An error that occurs when a total is obtained by summing gross amounts instead of net amounts. For example, finding the total product of an economy by adding up the gross sales of each enterprise, without subtracting purchases of inputs from other enterprises, involves double counting. As firms buy large amounts of fuel, materials, and services from one another, simply adding gross outputs results in double, or multiple, counting of output. Double counting is avoided by subtracting purchased inputs from gross output to get value added for each enterprise. The national product is total value added.
Q9) What type of fiscal policy the government should adopt during recession. Justify your answer.
Ans) Expansionary fiscal policy is used to kick-start the economy during a recession. It boosts aggregate demand, which in turn increases output and employment in the economy. In pursuing expansionary policy, the government increases spending, reduces taxes, or does a combination of the two. Since government spending is one of the components of aggregate demand, an increase in government spending will shift the demand curve to the right. A reduction in taxes will leave more disposable income and cause consumption and savings to increase, also shifting the aggregate demand curve to the right. An increase in government spending combined with a reduction in taxes will, unsurprisingly, also shift the AD curve to the right. The extent of the shift in the AD curve due to government spending depends on the size of the spending multiplier, while the shift in the AD curve in response to tax cuts depends on the size of the tax multiplier. If government spending exceeds tax revenues, expansionary policy will lead to a budget deficit.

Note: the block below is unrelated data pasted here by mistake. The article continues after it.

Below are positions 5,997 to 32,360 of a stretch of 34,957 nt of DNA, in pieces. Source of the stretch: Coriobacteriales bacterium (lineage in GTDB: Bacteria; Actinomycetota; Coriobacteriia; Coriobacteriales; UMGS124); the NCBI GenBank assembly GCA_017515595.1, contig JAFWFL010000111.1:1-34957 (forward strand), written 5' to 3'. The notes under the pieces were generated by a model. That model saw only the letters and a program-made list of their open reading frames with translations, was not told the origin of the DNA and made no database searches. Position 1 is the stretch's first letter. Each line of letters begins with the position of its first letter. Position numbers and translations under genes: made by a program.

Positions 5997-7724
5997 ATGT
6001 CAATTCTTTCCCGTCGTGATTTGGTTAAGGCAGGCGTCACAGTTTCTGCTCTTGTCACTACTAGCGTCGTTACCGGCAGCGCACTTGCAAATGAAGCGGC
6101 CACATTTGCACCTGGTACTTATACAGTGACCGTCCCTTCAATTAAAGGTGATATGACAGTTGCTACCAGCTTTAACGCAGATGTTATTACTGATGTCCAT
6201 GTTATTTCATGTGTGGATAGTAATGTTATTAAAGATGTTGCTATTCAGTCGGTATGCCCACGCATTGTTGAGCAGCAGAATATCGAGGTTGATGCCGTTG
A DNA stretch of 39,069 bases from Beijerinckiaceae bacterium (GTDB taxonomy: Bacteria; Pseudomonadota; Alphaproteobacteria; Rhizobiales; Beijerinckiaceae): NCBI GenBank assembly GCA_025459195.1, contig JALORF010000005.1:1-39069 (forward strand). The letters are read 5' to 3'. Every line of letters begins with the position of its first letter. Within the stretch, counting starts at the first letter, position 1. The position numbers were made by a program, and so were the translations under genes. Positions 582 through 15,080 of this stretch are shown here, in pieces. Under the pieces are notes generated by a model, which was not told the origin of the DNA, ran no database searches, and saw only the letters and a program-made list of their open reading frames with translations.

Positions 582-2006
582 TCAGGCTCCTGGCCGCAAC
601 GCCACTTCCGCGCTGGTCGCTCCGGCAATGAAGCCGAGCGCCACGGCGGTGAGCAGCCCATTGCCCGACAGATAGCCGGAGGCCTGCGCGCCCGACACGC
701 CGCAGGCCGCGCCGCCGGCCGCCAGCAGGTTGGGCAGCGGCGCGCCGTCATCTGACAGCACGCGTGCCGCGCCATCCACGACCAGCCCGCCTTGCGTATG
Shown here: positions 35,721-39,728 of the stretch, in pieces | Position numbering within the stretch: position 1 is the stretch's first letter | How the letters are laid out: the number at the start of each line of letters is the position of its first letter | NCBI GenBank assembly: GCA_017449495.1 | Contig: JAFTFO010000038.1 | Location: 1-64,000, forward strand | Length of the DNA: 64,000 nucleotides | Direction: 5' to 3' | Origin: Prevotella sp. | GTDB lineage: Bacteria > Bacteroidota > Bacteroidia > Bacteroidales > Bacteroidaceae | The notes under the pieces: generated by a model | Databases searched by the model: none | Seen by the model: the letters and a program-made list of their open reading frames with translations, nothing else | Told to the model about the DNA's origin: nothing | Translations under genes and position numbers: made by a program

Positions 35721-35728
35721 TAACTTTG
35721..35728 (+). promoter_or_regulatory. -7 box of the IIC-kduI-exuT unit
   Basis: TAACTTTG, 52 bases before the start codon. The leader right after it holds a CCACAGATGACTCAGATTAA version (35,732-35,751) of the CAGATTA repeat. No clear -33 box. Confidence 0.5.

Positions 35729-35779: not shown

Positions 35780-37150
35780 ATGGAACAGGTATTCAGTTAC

Q10) In the IS-LM model, explain why the economy always moves towards the equilibrium point.
Ans) According to the theory, liquidity is determined by the size and velocity of the money supply. The levels of investment and consumption are determined by the marginal decisions of individual actors. The IS-LM graph examines the relationship between output, or gross domestic product (GDP), and interest rates. The entire economy is boiled down to just two markets, output and money; and their respective supply and demand characteristics push the economy towards an equilibrium point. The intersection of the IS and LM curves shows the equilibrium point of interest rates and output when money markets and the real economy are in balance. Multiple scenarios or points in time may be represented by adding additional IS and LM curves